Innovation is an interesting term that gets over-used so I’m glad you asked specifically.   Broadly speaking, our focus is creating products where large numbers of people can interact in a variety of interesting ways while playing games that are both familiar and new.  For your readers who know the space, they also know that most current offerings are very self-similar and even fewer allow for rich multiplayer interactions. 

We are also creating games beyond the usual Poker, Slots and Blackjack.  We’ve been looking internationally and historically to find inspiration.  We think there is opportunity to expand the category just by the kinds of games we offer. 

Since we formed Asylum Labs to go after this space, we have built a team of heavyweights from both the traditional video game and the real-money casino industries.  That roster of talent means that we have the knowledge and experience to really focus on the sweet-spot that is the overlap between the two worlds. 

How do you inspire innovation within your company?

Everything begins with the corporate culture.   When you start a company you have this wonderful opportunity to establish a kind of blueprint for its growth.  Over the years, we founders have all developed a strong sense of how a creative business needs to function.

For innovation, the most important thing is to create an environment where everyone feels encouraged to share their ideas, their input and their constructive criticism.  In the old days (back when there was a box) we used to say “making sure we get everyone’s IQ in the box”.   The founders and I work hard to communicate to everyone that this is a core value of the studio.  We are a very ‘flat’ organization and everyone contributes to design.  We operate under a ‘survival of the fittest…idea’  framework.  Check your ego at the door, whatever is best for the product defines our direction. 

I’m also a big believer that process can improve creativity.  For example, nothing is scarier for an artist than a blank sheet of paper and the dreaded phrase “draw me something cool”.   If, instead you say “draw me a dragon” you will see the artist immediately begin to work.  A little constraint allows for focus and inspiration.   When you apply this to game development it means budgeting a time for crazy blue-sky ideas (pre-production), time to narrow those ideas down into a cohesive vision and finally having a process where even during production your still flexible enough to make changes without adversely impacting your ship date.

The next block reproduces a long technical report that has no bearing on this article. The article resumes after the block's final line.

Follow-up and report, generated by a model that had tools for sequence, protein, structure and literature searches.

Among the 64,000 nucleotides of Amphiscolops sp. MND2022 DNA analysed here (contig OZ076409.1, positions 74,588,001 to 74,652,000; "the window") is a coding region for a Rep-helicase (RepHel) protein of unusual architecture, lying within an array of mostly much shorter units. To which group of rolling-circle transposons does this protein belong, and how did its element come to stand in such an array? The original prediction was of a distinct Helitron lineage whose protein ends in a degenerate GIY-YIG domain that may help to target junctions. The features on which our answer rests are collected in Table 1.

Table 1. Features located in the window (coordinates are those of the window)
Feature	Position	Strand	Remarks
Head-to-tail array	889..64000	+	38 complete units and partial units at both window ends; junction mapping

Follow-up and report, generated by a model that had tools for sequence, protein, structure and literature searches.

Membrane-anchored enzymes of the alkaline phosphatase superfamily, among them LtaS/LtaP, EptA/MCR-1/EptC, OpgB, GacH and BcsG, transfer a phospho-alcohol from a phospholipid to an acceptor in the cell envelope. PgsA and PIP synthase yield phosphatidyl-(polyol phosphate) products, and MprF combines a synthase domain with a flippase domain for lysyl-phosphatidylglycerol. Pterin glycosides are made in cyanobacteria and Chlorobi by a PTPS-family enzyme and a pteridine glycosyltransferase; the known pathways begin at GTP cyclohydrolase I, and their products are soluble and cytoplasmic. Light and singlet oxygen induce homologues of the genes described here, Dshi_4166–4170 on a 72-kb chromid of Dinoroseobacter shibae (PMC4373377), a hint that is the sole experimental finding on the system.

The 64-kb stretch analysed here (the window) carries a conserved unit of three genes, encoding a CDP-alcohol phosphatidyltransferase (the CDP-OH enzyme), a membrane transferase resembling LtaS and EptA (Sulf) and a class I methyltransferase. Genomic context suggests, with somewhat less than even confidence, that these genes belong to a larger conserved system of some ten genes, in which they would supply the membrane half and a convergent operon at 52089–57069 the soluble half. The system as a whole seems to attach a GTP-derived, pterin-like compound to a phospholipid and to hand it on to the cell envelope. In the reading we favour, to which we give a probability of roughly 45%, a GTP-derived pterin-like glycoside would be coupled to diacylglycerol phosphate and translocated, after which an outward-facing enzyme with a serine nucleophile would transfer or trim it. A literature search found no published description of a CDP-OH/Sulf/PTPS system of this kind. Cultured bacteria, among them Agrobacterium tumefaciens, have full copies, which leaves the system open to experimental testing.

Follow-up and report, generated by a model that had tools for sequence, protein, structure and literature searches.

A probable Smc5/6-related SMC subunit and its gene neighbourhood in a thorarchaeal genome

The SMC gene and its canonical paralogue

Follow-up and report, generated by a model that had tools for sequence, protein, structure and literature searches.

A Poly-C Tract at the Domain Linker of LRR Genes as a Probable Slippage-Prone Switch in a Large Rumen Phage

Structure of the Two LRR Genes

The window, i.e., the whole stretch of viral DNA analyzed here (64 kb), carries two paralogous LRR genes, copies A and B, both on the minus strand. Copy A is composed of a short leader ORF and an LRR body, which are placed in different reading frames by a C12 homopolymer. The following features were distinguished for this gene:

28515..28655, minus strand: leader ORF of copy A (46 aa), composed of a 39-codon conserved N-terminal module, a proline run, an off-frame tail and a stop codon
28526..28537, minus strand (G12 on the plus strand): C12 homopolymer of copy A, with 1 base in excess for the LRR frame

Finally, you can’t develop great product without understanding the current state of the industry.  We spend quite a bit of time playing games; both Social / RMG Casino AND more traditional video games.  Some of the more exciting features on our roadmap for ArcLight were inspired by MMOs for example.  The strategy is to optimize for inspiration while we are defining the product, then during production to strike a balance between familiar known mechanics and whatever innovations we decide to add.

What innovations can we expect in social gaming over the next few years?

 Good question, and something we discuss often internally.  As your readers can probably guess by now, we think the vertical is ripe for fresh ideas.  We’ll see smaller, less known games do well, especially internationally.  We’ll see better leverage of licensed IP from the RMG side.  Since the actual rules of many casino games are known (and very popular) we think a lot of the innovation will happen around the games, in the meta experience I described earlier.  We’ll see large vibrant communities that feel more like destinations than apps.  We’ll see better integration with RMG, land-based operators and CRM systems.  Improvements to both AI and analytics will facilitate products that are more ‘intelligent’ with the ability to customize the experience for each user.

Nobody knows for sure, but I do know it be very interesting to watch how things evolve and we are excited to help define casino games for the 21st century.